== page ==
Guesswork and Diabetes

As a kid, planes absolutely fascinated me — I was amazed that we could build something out of metal that could FLY through the air. I’m still fascinated by it, really. It’s a pretty remarkable thing to pull off. In any event, I really wanted to get a clear explanation of WHY planes were able to fly. So, I went to the library to find some answers. (For those under 21 — in the olden times, we would have to go to this big building where they kept books and magazines, where we would search through a listing of said books and magazines, write down coded numbers, and then go find the actual book or magazine that had this code written on it. If we wanted to keep reading the book or magazine, we could check it out of this big building and then return it a few weeks later — I know, crazy.) Anyway, the popular theory stated that the shape of the wing causes air to move faster over the top than under the bottom, and therefore the air on the bottom has more force, causing lift. I went “huh,” and was satisfied.

But then I went to an air show with my dad, and I saw some planes doing that thing where they fly upside-down. And that just blew apart that first theory. After all, if the wing is designed to make the BOTTOM create more force than the top, and you turn that thing UPSIDE-DOWN, shouldn’t that make the plane crash IMMEDIATELY? I mean, now you’re applying downward force AND gravity at the same time!! What gives!! So I went back, and I found some more theories in some more books. And then, finally, I read a quote in one of them that summed up the whole thing. A Boeing engineer actually said something to this effect: “We have a lot of theories, but really what makes planes fly is the PM factor — pure magic.” I decided if the guy who builds planes for a living had given up on figuring out what makes them fly, there was no way it would ever make sense to me.

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Diabetes has a lot of PM in it, too. We have mountains of data at our fingertips, and we do our best to make sense of the patterns. But sometimes, we just don’t know. I am currently making my second attempt at switching to the pump. My first go-round was kind of disastrous. I started with the standard plastic cannulas and had constant occlusions. Then I switched to the steel needles, which initially seemed OK, but then they started giving me weird blood sugar surges, too. In the end, I gave up on it. I talked to my doctor and the pump trainer. None of us could really understand WHY I was experiencing that roller coaster. Scar tissue didn’t really make sense since the surges didn’t happen immediately after insertion of the new site. It wasn’t because of occlusions and bent cannulas — they were steel needles this time around! It just didn’t make a lot of sense.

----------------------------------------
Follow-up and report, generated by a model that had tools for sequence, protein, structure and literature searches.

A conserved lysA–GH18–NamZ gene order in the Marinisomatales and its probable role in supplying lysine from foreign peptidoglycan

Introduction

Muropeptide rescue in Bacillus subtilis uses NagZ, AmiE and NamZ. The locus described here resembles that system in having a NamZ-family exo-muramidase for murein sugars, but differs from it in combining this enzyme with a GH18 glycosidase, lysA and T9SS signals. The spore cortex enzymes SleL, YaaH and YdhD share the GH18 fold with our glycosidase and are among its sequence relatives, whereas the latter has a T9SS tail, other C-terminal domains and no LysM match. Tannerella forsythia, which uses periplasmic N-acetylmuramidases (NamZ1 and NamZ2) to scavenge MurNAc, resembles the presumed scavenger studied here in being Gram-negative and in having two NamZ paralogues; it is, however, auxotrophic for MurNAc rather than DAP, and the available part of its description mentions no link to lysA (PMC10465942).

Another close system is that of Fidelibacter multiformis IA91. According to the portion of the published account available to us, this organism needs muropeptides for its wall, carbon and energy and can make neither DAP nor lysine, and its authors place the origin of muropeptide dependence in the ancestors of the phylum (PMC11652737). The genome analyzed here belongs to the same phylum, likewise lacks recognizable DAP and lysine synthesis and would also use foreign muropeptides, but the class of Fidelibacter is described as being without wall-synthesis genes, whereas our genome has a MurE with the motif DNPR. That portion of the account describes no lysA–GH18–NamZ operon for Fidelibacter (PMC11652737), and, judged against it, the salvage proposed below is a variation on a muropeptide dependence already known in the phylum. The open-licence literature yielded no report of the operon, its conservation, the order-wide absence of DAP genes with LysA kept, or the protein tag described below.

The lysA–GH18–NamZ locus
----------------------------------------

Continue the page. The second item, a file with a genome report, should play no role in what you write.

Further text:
Now, about a month later, I’m on round two. I’m still using the steel cannulas, still using basically the same ratios (though tweaked slightly), and still using largely the same sites for insertion. And it’s working. Sure, it’s still a work in progress as I fine-tune the ratios and basal rates, but the results are, 95% of the time, within the ballpark of reasonable. The only difference is that I’m trying to ping-pong between right side and left side every time I change the site, just to make sure the problem isn’t oversaturation, but it’s not like I was staying in the same spot before — I was always moved at least 2 inches away from the previous spot, just like I was instructed to do. And who knows — maybe that was the issue. The point is, we don’t know. I don’t know; my doctor doesn’t know; the pump trainer doesn’t know. All any of us can do is speculate, suggest theories, and be grateful that it’s deciding to cooperate better this time around!

Diabetes really is full of guesswork and partial answers! And I suppose we just have to accept that. We’ve just got to accept it the way that Boeing engineer did when he admitted that in the end, they really hadn’t figured out why planes fly. They had theories, but there really was no absolute, undeniable explanation. And there isn’t one for me, either. The first time, the PM factor just wasn’t there for me. This time, the PM is kicking in. And I’m glad it’s here, even if I don’t know how I got it to show up!

A new classification describes Type 1 diabetes as having three distinct stages. Bookmark DiabetesSelfManagement.com and tune in tomorrow to learn more.